Species: Felis silvestris
IUCN Red List: UK Critically Endangered, Globally: Least Concern.
Distribution: Highlands of Scotland; possibly a few in the Scottish borders and Northumberland. Also Spain, Germany, Poland and parts of southern Europe.
Habitat: in Scotland inhabits remote forests, hill areas and grouse moors.
Description: resembles a domestic tabby but is slightly larger with longer, softer fur and broader head. Black or grey body stripes (a tabby is blotched). Bushy tail with a blunt, black, rounded tip (domestic cats' tails are longer and pointed).
Size: male measures about 90cm from nose to tail-tip; female slightly smaller.
Life-span: about 12 years.
Food: rabbits, hares, small rodents, birds and insects form the main diet; sometimes squirrels and deer fawns are taken.
The wild cat was once common over most of the British Isles, but it is now only found in Scotland and is under threat with an estimated 400 remaining outside captivity. Although it looks very much like a domestic tabby cat, the wild cat is very fierce and almost impossible to tame, even if brought up from a tiny kitten.
Wild cat Habits
Territory: wild cats usually hunt alone and lead solitary lives. The male marks out a territory of about 250 acres with urine, faeces and scratch-marks on trees; it has glands on its feet which secrete scent. Wild cats do not bury their droppings as domestic cats do.
The territory is fiercely defended from other males, especially if the male has a mate. It will leave its territory, however, to find a mate in early spring. If there is plenty of food, wild cats sometimes form groups to hunt their prey and to defend a territory from others.
Daily Life: the wildcat is a carnivore, hunting mainly at dawn and dusk; it either lies in ambush to pounce on its prey, or stalks it until fairly close and then rushes in to attack.
The day is usually spent resting. On a sunny day, a wild cat will bask on a tree branch or rocky outcrop where it can keep an eye on its surroundings. It may also have a den where there is a good view of the area around, either in a rock pile, under a tree stump or in an old fox earth or badger sett.
Breeding: wild cats mate in late February or early March. Courtship is very noisy with a lot of screeching, wailing and howling! Several males may call all through the night in an attempt to attract a female.
Gestation (the time during which the female is pregnant) lasts about 65 days. The female prepares a nest in a rocky cleft or hollow tree and gives birth to, on average, 4 kittens. The babies are blind at birth and open their eyes at about 10 days old. They are suckled by the mother for about 30 days and leave the den after 4 - 5 weeks. The kittens spend a lot of time playing and start learning to hunt with their mother from around 9 weeks old. The father takes no part in rearing his young. By 10 months of age, the kittens are almost fully grown but do not breed until the following year.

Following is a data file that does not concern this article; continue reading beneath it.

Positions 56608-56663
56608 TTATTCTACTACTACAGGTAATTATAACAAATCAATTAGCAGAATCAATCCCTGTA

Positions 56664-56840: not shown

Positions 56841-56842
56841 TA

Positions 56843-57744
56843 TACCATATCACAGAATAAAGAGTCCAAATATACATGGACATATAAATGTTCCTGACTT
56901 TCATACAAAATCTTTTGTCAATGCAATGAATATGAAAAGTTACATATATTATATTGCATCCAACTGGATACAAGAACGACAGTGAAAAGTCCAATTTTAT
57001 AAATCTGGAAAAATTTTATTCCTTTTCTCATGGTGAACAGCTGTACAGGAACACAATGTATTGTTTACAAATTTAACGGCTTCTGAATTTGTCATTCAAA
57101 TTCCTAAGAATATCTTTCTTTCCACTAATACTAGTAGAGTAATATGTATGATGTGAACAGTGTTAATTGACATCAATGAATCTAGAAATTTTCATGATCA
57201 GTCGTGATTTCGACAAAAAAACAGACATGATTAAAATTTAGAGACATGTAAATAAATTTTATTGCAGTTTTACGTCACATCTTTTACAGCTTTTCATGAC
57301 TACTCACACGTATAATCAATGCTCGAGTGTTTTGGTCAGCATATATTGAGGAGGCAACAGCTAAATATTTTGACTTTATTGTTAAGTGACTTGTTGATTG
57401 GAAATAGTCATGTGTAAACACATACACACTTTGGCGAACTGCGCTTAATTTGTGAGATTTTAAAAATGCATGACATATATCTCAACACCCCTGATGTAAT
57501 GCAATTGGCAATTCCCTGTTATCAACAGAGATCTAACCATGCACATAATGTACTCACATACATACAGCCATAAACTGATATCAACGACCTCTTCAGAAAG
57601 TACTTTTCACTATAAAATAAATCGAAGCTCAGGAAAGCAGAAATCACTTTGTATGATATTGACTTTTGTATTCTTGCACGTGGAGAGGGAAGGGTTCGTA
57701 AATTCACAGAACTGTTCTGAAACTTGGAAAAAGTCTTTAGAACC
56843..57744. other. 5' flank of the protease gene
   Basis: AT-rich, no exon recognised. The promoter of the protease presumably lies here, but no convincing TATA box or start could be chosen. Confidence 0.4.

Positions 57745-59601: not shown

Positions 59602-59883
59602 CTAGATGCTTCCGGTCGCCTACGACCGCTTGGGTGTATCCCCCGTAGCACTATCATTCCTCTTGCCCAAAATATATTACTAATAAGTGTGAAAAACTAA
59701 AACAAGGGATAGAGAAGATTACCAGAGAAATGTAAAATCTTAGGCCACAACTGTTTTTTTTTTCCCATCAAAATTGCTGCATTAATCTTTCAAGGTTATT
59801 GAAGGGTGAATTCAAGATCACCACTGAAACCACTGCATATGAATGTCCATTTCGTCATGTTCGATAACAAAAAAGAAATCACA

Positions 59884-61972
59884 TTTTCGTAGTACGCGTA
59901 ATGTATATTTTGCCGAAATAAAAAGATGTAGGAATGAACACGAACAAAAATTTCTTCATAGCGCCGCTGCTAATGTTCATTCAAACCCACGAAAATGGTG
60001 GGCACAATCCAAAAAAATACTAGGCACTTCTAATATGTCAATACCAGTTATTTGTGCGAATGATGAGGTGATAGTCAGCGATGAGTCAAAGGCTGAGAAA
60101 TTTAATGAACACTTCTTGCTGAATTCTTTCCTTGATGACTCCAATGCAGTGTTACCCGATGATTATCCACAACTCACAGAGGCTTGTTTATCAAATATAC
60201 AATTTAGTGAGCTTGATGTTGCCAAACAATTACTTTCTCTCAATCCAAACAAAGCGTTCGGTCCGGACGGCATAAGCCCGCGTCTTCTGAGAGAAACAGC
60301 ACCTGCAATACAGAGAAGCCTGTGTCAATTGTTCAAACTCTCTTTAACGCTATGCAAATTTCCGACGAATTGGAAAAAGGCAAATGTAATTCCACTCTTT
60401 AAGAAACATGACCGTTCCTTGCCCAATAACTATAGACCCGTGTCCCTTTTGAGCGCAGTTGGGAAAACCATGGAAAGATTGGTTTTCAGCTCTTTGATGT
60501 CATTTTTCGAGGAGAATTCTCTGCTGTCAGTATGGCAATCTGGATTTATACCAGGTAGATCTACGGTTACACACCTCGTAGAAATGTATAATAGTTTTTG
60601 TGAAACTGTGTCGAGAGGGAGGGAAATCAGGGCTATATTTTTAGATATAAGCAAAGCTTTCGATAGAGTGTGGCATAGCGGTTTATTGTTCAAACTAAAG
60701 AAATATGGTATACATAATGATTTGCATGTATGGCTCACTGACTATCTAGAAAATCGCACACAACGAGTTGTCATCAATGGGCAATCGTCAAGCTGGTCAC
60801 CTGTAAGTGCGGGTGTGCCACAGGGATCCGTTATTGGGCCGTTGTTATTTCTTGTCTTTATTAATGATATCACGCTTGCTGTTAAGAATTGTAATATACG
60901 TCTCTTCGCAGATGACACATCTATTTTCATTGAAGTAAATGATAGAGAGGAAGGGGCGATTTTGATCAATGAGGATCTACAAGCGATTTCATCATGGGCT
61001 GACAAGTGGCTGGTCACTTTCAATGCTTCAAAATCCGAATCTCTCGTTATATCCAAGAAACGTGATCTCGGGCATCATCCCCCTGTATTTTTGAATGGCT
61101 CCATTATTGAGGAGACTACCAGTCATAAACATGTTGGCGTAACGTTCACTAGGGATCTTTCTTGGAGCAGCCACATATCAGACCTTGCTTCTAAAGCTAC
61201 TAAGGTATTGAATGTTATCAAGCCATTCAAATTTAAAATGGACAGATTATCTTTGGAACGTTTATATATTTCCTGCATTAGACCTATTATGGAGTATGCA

Even at a very young age, wild cat kittens are ferocious, spitting at, scratching and biting any intruders.
Normally, only one litter is born a year. Wild cats interbreed easily with feral cats (domestic cats that fend for themselves in the wild) and hybrids (the results of a cross between a wildcat and a feral cat) will often produce a second litter in late summer. Feral cats tend to revert to the tabby form and can cause confusion when identifying wild cats. Interbreeding may have caused an apparent reduction in size of wild cats during this century and not all wild cats are distinctively striped as a 'pure' wild cat should be.
Wild Cats and Humans
The wild cat once lived over all of Britain, except Ireland, as well as Europe. As forests were felled over the centuries it was forced to live in the more remote areas.
Thousands of wild cats were killed in the nineteenth and early twentieth centuries by gamekeepers protecting the high populations of grouse, partridges and pheasant that were bred on shooting estates.
Fortunately for the wild cat, attitudes to wildlife have changed and today it is looked upon as a useful and attractive animal rather than vermin, and it is protected in many areas.
Since the 1920s wild cats have been spreading slowly again, although interbreeding with feral cats has probably artificially increased their numbers. An extension in Scotland's coniferous forests may have helped the wild cat to recover.
Image: wild cat by Tambako The Jaguar
Information sourced from:
Save the Scottish Wildcat (2014), The Scottish Wildcat [online], Available from: http://www.scottishwildcats.co.uk/wildcat.html [accessed 29/05/2015]
Save the Scottish Wildcat (2014), Scotland's forgotten cat; fewer than 100 remain [online], Available from: http://www.scottishwildcats.co.uk/ [accessed 29/05/2015]